Now that Prada has opened its $83 million Tokyo Epicenter store, it can claim to be the the only retailer with flagships designed by two different sets of architects who have won the Pritzker Prize, the field’s top award. And if the designer of the company’s SoHo store, Rem Koolhaas, is architecture’s equivalent of a rock star, its equally brilliant Tokyo collaborators, Jacques Herzog and Pierre de Meuron, have the personas of scientists. The pair shot to prominence with their transformation of an English power station into the Tate Modern art museum, but they’re more concerned with building great architecture than their personal profiles.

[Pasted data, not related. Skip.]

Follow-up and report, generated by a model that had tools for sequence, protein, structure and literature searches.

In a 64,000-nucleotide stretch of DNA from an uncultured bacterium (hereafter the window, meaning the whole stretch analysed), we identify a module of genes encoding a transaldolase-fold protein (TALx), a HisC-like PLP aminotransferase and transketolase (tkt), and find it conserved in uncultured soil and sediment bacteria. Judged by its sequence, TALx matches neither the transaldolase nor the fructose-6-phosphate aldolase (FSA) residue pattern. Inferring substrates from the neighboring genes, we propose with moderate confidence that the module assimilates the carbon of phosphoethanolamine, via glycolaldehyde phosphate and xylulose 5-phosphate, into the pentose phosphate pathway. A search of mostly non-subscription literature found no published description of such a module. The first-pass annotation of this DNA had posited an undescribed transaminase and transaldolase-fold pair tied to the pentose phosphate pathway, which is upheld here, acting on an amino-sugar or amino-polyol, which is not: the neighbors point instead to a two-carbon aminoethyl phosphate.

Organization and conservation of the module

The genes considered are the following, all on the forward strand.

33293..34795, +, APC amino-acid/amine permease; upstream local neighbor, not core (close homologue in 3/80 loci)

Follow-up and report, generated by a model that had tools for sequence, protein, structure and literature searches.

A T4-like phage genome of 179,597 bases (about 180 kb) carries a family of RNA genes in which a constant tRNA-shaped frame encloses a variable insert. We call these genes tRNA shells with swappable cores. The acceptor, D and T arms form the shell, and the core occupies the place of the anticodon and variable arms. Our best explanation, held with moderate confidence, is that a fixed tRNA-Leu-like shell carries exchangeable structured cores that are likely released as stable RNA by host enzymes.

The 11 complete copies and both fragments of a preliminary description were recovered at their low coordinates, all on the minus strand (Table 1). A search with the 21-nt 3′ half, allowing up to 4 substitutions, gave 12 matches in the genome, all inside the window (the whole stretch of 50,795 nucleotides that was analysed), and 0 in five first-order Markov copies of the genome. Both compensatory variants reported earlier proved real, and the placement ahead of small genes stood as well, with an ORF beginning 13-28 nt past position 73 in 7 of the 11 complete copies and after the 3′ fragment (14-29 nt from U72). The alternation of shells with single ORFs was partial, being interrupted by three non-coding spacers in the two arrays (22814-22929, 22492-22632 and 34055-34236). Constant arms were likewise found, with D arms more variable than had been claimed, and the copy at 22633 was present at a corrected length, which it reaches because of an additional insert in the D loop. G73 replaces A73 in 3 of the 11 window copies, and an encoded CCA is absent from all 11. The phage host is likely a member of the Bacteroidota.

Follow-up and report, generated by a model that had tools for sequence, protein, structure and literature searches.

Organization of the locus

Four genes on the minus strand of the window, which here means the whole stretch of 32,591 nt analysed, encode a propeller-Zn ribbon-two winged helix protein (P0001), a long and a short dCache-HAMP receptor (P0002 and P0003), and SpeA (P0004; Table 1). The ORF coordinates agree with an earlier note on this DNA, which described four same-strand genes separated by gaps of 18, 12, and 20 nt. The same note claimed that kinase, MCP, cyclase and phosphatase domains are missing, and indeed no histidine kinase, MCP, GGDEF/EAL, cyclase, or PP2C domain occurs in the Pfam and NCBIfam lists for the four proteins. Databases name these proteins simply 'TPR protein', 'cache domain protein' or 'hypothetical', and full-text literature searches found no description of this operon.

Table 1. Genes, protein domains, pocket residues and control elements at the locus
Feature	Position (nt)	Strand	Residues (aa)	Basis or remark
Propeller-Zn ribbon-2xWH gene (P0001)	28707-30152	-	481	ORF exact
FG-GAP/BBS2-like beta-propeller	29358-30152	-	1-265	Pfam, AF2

Prada’s Tokyo store, in the city’s Aoyama district, is representative of their affinity for geometric designs, and is already admired for its faceted windows upon which patterns of light are projected from dusk until dawn, making the building appear to melt or pulse from within. Inside, “sound showers” and touchscreen “snorkels” expand shoppers’ experience to the aural and tactile dimensions.
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